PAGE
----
National Geographic : 1981 Feb 28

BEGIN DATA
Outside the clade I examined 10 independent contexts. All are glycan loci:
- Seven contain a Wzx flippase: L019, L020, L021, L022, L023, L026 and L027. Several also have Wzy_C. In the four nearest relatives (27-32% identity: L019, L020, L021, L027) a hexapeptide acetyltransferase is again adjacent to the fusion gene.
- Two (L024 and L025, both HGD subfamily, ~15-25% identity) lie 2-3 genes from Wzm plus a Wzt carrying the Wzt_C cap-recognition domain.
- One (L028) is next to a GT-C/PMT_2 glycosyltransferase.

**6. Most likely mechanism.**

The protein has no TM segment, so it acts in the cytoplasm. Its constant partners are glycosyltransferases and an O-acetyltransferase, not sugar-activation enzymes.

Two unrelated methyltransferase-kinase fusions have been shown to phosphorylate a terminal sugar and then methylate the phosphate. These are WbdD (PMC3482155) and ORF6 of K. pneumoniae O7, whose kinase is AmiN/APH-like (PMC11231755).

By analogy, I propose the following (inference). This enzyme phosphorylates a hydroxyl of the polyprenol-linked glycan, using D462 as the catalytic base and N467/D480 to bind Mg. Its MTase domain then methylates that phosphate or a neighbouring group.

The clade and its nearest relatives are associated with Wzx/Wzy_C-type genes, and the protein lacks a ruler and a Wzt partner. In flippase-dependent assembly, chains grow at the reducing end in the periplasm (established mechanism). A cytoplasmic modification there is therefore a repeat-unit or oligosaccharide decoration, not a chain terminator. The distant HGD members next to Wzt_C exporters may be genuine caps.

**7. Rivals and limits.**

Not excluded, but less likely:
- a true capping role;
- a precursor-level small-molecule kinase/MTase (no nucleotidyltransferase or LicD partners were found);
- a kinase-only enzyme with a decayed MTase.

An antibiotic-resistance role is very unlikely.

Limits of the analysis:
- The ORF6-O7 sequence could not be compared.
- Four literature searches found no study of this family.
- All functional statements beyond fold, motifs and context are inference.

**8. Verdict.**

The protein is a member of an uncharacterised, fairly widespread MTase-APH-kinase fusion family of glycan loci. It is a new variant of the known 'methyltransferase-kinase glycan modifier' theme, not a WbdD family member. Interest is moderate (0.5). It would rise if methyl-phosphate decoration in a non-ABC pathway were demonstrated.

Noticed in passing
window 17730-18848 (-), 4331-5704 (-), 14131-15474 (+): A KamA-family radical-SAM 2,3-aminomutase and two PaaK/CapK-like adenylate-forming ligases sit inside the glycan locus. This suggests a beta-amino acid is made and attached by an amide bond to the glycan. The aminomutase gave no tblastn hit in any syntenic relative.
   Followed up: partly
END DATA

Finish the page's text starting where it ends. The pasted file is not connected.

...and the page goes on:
little or no insulation, woefully inadequate in today's battle againstrisingheating bills. When volunteers who interpret the thermograms to residents advised owner MichaelBeauchamp to insulate his walls and attic, plug leaks in door and windows, and consider enclosing his porch, he summed up the reactionof many. "It's got to be done. When you're looking at $100 heating bills, it gets to be more thanyou can handle. It might be all right if we were paying for it and stayingwarm, but it's cold in here!" The house fourth from right tells a happier story. "When I bought this house, it leaked like a sieve," Tom Richards recounts. Now with blown-in wall insulation, ten inches of atticin sulation,a glass-enclosedporch actingas a heat lock, new storm windows and doors, caulking and weather stripping, and cardboard behind the attic dormer window (a hot spot in many of his neighbors'similarhomes), his 1918 dwelling shows the leastheat loss on the block. Ranch houses in a newer neighborhood (below left) also appear to show more efficient heat retention but have chinks in their armor. Red and yellow windows blare radiation, while loose stripping tinges a front door yellow in the center house. On the roofof its neighborto the right, above red andyellow windows, a chim ney glows white, appearingeven warmer than the red-and-white electricaltransformer at its same height to the left. Poorly dampered chim neys suck warmth into the sky with a voracious appetite-justone of many thieves stealingheat in the night.